George A. Romero’s original Living Dead Trilogy consists of Night of the Living Dead (1968), Dawn of the Dead (1979), and Day of the Dead. And while the latter (released on this day in 1985) is perhaps the least lauded, it’s still a bleak and impactful finale to the series that popularized the modern zombie.
If it’s been a while, or if you’ve yet to experience the apocalyptic mayhem of Day of the Dead, give the trailer and synopsis a spin below.
Trapped in a missile silo, a small team of scientists, civilians and trigger-happy soldiers battle desperately to ensure the survival of the human race, but tension inside the base is reaching breaking-point, and the zombies are gathering outside.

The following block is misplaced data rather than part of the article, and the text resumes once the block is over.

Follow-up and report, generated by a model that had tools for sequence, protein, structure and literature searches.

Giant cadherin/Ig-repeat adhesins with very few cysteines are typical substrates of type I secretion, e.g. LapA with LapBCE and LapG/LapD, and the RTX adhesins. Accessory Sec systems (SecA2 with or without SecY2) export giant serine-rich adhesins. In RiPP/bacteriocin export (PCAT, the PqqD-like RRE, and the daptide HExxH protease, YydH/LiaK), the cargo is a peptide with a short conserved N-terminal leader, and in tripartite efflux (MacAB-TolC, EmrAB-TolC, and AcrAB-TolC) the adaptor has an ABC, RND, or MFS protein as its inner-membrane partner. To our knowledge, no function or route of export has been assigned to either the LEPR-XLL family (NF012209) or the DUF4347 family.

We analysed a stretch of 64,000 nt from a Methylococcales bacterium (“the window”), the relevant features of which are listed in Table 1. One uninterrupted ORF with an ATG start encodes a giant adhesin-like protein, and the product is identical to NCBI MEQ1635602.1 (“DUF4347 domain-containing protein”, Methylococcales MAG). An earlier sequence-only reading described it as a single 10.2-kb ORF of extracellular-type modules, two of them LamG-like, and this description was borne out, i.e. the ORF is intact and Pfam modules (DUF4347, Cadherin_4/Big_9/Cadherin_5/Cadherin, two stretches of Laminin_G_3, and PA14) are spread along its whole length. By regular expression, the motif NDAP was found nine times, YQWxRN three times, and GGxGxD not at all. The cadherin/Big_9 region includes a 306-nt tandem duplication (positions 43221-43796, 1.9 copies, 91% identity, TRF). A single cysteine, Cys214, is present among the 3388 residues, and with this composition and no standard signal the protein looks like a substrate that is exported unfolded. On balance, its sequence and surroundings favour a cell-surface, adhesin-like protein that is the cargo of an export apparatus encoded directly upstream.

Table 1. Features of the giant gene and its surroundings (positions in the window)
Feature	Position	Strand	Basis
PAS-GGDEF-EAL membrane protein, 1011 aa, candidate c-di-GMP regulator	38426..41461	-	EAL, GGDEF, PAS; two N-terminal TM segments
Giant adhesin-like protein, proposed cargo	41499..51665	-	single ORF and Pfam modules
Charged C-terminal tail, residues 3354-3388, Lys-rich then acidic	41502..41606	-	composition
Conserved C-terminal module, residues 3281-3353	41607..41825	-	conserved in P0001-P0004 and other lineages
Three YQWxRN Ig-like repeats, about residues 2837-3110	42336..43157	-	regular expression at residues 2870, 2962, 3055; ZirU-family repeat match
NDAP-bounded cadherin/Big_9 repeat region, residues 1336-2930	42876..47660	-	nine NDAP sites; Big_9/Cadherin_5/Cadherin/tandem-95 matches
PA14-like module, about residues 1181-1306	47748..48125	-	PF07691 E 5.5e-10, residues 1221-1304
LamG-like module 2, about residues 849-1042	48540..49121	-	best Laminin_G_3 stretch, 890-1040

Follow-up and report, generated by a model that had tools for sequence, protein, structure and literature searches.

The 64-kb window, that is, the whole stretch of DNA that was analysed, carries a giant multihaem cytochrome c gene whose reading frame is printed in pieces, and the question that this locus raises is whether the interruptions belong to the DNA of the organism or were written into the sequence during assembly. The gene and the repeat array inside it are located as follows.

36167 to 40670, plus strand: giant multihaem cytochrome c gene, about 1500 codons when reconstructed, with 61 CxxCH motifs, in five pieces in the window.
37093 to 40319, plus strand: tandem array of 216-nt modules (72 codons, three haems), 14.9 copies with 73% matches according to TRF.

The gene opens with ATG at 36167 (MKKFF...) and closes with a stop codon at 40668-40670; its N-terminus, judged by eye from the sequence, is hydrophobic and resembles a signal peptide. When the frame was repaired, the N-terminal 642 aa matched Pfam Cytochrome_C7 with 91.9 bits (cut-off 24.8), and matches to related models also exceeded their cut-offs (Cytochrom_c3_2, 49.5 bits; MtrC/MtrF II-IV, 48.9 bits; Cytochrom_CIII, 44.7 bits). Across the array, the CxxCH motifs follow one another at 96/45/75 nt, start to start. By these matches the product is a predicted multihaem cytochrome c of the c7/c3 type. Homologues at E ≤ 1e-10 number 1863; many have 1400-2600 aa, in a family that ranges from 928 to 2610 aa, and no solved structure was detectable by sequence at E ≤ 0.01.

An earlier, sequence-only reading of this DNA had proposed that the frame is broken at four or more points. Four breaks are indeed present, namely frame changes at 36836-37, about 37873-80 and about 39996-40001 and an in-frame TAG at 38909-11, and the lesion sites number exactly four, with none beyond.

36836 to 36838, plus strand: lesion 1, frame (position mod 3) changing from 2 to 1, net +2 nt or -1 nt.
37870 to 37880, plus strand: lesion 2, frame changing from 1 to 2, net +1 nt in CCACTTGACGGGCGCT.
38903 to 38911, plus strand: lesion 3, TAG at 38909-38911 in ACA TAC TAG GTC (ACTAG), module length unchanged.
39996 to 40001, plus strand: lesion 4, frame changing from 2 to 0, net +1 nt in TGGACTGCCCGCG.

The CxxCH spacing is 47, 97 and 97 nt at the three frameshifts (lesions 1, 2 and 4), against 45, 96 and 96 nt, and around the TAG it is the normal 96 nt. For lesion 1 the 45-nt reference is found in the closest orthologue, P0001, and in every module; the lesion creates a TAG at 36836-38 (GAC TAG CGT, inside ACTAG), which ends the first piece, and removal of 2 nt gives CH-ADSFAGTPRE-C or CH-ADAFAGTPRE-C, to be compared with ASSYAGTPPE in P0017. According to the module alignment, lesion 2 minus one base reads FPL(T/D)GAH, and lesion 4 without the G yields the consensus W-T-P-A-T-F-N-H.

All the extras who portrayed zombies in the climax received for their services: a cap that said “I Played A Zombie In ‘Day of the Dead'”, a copy of the newspaper from the beginning of the film (the one that says “THE DEAD WALK!”), and one dollar. Some of the headlines from the newspaper that says “THE DEAD CAN WALK!” appear to be: “Vice President Declares State of Emergency,” “Whereabouts of President Unknown,” “Food Supply Dwindles” and “Man Bites Man.” (Source)
The original script, for which George A. Romero couldn’t get budget, involved the scientists living above ground in a fortress protected by electrified fences and the military living safely underground. It also involved a small army of trained zombies, and the conclusion to the trilogy more brutal than the released version. This later became the basis of Land of the Dead (2005). (Source)